Type 2 diabetes can be caused – and treated – by what you eat. Viva!’s Veronika Powell MSc, looks at just what a vegan diet can achieve…
Diabetes is a serious health threat and one of the main diseases of affluence – along with heart disease, obesity, gout and some cancers. They are all on the rise. We’re talking type 2 diabetes, which usually develops later in life – but now, due to unhealthy lifestyles, teenagers are increasingly at risk. Once you have type 2 diabetes, your risk of heart and kidney disease, nerve and eyesight damage all increase while your quality of life decreases.
What’s food got to do with it?
The good news is that food is the main factor in both prevention and treatment of the disease, so there’s a lot you can do about it!
The big issue in diabetes is high blood sugar. Sugar levels are regulated by the hormone insulin, but if you have diabetes the regulation is dysfunctional and you end up with too much sugar (glucose) in your blood. But it doesn’t end there – high blood sugar levels have a knock-on effect on other systems in the body, increasing blood cholesterol and fat levels, damaging the eyes, kidneys and nerve endings and potentially leading to insensitivity in hands and feet.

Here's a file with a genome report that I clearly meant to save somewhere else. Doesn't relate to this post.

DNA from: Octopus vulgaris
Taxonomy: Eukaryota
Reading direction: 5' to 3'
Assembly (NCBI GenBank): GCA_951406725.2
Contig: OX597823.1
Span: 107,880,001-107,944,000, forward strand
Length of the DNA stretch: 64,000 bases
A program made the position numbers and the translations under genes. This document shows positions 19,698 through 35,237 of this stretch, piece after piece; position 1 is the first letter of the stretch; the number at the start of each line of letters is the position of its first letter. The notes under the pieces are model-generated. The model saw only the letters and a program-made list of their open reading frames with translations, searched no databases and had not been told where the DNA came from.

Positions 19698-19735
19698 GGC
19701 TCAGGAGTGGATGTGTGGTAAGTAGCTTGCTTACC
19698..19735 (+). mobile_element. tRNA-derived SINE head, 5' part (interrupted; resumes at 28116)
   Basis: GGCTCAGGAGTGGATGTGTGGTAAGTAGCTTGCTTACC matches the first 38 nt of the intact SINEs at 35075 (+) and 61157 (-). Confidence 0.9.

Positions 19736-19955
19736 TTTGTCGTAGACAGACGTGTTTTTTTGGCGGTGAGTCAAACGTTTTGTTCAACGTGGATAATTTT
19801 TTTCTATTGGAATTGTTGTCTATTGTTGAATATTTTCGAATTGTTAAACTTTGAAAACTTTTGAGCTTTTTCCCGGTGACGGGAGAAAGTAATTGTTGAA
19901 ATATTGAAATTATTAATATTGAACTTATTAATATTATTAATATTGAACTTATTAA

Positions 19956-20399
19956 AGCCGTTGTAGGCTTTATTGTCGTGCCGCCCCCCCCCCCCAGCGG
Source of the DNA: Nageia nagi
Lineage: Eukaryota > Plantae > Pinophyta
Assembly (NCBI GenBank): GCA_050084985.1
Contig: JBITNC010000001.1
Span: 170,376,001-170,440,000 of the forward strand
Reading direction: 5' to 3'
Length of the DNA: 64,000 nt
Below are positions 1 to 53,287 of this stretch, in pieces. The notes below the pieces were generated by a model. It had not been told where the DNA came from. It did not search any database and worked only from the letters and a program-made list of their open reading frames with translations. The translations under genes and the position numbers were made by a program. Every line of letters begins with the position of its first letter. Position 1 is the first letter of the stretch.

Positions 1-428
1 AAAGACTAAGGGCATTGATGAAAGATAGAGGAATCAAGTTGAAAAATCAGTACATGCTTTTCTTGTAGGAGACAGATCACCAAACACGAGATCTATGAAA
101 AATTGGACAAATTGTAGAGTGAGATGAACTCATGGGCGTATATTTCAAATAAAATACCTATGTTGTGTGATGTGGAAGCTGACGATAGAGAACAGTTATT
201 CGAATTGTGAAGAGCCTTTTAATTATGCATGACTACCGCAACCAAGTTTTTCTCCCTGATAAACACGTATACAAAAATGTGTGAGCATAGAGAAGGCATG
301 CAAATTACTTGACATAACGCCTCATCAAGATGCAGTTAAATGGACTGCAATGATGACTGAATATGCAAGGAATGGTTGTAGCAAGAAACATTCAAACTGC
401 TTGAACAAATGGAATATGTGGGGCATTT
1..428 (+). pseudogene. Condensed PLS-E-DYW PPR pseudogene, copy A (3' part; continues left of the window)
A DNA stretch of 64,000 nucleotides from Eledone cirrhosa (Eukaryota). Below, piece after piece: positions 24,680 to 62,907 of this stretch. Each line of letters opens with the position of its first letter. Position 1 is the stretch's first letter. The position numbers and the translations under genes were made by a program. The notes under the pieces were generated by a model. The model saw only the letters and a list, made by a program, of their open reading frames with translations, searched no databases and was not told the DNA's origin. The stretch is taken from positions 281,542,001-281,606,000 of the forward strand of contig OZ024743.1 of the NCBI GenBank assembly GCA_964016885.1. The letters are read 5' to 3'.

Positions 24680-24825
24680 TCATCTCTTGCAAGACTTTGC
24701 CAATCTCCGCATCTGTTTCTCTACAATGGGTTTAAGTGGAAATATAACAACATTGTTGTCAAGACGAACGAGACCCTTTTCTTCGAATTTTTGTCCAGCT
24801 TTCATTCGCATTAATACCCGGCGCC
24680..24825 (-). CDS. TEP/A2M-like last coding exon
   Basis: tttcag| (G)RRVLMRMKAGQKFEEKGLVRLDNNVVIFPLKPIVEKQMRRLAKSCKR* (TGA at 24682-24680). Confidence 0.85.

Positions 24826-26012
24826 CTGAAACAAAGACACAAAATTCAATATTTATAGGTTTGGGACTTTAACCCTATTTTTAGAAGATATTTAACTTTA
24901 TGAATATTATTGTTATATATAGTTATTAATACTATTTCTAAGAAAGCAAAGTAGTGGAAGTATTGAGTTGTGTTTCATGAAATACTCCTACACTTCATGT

Type 2 diabetes is usually (although not always) linked to increased body weight and especially to abdominal obesity. When the body’s metabolism can’t keep up with the amount – and type – of food eaten, droplets of fat are stored under the skin and in muscle and liver cells. The more high-fat and processed foods you eat, the bigger the risk.
When the amount of fat inside your cells reaches a certain level it reduces the cells’ ability to react to insulin, leading to insulin resistance. Studies show that insulin resistance in muscles and liver is strongly linked to the fat stored in them.
With a healthy diet, you can not only prevent this but also help to reverse the condition. Studies where type 2 diabetics were prescribed a combination of diet change and mild exercise resulted in them either being able to discontinue or significantly reduce their medication – all in as little as three weeks!
The research is very convincing – a wholesome, low-fat, vegan diet is the best for reversing type 2 diabetes. It helps the body reduce fat stores in its cells, improves blood sugar control, reduces blood cholesterol levels, helps to induce weight loss without restricting portion sizes, prevents kidney and nerve damage and helps to lower blood pressure.
Type 2 diabetes diet rules
1st rule – No animal products
By eliminating all animal products you avoid eating substantial amounts of fat and your cholesterol intake will be zero. Most of the fat found in animal products is saturated and there’s no requirement for saturated fat in our diet.
Another good reason for avoiding all animal products is because animal protein from meat, fish, dairy and eggs places an additional strain on the kidneys and can increase the damage already caused by diabetes. Protecting their kidneys is a key issue for diabetics.